After completing the enumeration of $P_n / \equiv_S$, we discovered that there are exactly as many of them as there are \textit{tone rows} in $n$-tone music---the enumeration of which may be found in a paper of Reiner \cite{rein}.
The corresponding sequence in the
{\it On-Line Encylopedia of Integer Sequences} (OEIS) is \seqnum{A099030}---which, as has been noted, is identical to the sequence \seqnum{A089066}.
The number of equivalence classes of $P_n$ under $\equiv_E$ is the given by the sequence \seqnum{A275527}.
Further, for reasons which should be clear, there are exactly as many classes in $C_n / \equiv_S$ as there are classes of similar $n$-gons (that is, classes of $n$-gons which are equivalent up to rotations and reflections).
These classes---as well as the analogous case of $n$-gons equivalent up to rotations only---were enumerated in a 1960 paper of Golomb and Welch \cite{golomb}.
As such, this paper provides an alternative proof of their result.
The corresponding OEIS sequences are \seqnum{A000940} and \seqnum{A000939}, respectively.
It should also be noted that the evaluation of $B_1$ in the proof of Theorem \ref{thmsc} is in large part an adaptation of an argument of Moser \cite{moser}.
In particular, the sum of Euler $\varphi$ terms which makes an appearance in this paper as well as in the paper of Golomb and Welch \cite{golomb} is the same as that which appears in the case of $a=1$ in Moser's paper \cite{moser}.
This connection is (as far as the authors are aware) not yet noted anywhere.
\section{Acknowledgments}
The authors would like to thank Chris Kottke for providing valuable feedback on several early versions this paper.
We would also like to thank the anonymous reviewer for his or her constructive suggestions, many of which were incorporated into this final version.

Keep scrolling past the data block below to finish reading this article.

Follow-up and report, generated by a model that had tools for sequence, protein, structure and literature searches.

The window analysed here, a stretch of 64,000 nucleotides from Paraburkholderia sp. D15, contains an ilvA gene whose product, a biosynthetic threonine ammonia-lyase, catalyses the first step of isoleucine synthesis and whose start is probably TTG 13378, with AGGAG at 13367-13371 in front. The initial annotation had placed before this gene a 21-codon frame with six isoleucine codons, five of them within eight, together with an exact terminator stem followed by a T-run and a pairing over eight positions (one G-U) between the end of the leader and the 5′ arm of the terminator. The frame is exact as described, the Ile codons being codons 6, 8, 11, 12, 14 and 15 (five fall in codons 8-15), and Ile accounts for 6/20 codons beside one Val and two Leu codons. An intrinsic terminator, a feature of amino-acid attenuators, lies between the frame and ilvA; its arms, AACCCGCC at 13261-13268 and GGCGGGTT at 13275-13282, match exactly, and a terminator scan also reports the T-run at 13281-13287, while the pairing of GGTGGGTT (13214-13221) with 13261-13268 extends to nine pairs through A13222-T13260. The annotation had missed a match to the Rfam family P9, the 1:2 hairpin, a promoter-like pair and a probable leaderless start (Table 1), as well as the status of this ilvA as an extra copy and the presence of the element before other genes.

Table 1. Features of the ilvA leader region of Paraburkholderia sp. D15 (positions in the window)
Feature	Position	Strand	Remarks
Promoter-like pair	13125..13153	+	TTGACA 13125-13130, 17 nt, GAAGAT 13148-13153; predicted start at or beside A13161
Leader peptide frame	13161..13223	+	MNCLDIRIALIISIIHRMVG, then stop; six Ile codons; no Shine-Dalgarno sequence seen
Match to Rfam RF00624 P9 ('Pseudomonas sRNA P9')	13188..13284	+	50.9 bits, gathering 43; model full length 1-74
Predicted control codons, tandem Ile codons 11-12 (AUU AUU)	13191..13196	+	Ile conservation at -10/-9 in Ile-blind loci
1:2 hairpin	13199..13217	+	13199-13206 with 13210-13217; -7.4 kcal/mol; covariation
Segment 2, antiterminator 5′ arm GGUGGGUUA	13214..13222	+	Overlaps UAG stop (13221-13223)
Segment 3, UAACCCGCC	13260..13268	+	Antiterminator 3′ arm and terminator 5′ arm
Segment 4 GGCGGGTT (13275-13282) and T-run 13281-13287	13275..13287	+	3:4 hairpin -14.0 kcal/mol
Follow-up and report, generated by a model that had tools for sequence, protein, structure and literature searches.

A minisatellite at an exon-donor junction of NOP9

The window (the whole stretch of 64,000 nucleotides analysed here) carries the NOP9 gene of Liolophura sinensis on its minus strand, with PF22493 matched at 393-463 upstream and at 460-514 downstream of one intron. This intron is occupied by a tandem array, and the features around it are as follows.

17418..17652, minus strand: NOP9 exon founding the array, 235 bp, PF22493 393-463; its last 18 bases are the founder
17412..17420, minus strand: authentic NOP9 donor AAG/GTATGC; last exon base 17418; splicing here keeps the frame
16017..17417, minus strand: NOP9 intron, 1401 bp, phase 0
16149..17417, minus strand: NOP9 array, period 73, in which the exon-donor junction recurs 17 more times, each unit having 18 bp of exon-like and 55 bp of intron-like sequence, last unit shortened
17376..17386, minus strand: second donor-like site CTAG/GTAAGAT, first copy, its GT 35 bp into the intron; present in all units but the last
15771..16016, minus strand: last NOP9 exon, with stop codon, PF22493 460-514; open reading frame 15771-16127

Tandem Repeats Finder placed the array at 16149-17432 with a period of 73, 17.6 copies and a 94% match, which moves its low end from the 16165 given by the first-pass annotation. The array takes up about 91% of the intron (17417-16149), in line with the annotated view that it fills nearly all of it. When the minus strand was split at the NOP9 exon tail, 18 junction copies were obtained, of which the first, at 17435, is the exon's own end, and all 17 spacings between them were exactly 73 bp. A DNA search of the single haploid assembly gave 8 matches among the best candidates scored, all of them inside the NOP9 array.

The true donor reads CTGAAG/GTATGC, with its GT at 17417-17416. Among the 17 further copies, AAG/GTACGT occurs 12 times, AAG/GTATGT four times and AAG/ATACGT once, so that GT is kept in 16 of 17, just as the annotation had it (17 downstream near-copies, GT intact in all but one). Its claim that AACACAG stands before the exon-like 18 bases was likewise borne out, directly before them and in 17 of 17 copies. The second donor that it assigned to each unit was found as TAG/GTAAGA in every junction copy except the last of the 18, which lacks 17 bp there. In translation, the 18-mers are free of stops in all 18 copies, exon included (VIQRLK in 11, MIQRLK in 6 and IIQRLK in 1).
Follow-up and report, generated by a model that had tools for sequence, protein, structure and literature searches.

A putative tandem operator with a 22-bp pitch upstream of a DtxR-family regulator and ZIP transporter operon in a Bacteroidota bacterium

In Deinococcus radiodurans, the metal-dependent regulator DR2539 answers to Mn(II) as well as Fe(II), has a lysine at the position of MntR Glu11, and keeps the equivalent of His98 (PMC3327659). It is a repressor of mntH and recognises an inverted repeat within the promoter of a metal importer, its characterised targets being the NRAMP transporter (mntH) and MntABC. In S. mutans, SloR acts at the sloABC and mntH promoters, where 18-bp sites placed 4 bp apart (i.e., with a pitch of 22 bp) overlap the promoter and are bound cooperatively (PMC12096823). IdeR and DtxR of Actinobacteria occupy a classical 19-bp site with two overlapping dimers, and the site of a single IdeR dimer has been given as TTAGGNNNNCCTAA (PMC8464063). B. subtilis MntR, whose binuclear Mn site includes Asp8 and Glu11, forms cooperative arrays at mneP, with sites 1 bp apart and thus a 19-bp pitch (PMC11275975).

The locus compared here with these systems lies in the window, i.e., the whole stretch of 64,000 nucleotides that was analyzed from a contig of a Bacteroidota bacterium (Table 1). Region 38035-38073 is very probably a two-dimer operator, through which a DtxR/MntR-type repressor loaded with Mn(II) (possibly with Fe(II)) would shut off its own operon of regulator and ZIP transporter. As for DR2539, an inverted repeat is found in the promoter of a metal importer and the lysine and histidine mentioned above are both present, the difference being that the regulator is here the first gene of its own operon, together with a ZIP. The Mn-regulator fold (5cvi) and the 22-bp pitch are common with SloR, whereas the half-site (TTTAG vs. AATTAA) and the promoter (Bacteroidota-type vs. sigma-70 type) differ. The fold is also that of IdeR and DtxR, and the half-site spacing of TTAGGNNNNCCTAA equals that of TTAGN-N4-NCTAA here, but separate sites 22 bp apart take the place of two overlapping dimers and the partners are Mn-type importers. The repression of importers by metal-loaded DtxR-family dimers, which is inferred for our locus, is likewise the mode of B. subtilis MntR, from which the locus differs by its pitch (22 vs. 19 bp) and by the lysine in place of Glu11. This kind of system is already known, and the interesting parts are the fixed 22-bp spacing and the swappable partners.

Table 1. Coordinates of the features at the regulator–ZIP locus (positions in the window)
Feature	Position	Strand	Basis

Finally, the first author would like to thank Nika Sigua for his role in the initial discovery of the problems discussed in this paper.
\begin{thebibliography}{99}
\bibitem{golomb}
S. W. Golomb and L. R. Welch, On the enumeration of polygons, \emph{Amer. Math. Monthly} \textbf{67} (1960), 349--353.
\bibitem{rein}
D. L. Reiner, Enumeration in music theory, \emph{Amer. Math. Monthly} \textbf{92} (1985), 51--54.
\bibitem{moser}
W. O. J. Moser, A (modest) generalization of the theorems of Wilson and Fermat, \emph{Canad. Math. Bull.} \textbf{33} (1990), 253--256.
\end{thebibliography}
\bigskip
\hrule
\bigskip
\noindent 2010 {\it Mathematics Subject Classification}:
Primary 05C30; Secondary 05E18.
\noindent \emph{Keywords:} Hamiltonian path, group action, Burnside's lemma.
\bigskip
\hrule
\bigskip
\noindent(Concerned with sequences
\seqnum{A000939},
\seqnum{A000940},
\seqnum{A089066},
\seqnum{A099030}, and
\seqnum{A275527}.)
\bigskip
\hrule
\bigskip
\vspace*{+.1in}
\noindent
Received May 17 2019;
revised versions received January 8 2020; March 28 2020.
Published in {\it Journal of Integer Sequences}, June 27 2020.
\bigskip
\hrule
\bigskip
\noindent
Return to
\htmladdnormallink{Journal of Integer Sequences home page}{https://cs.uwaterloo.ca/journals/JIS/}.
\vskip .1in
\end{document}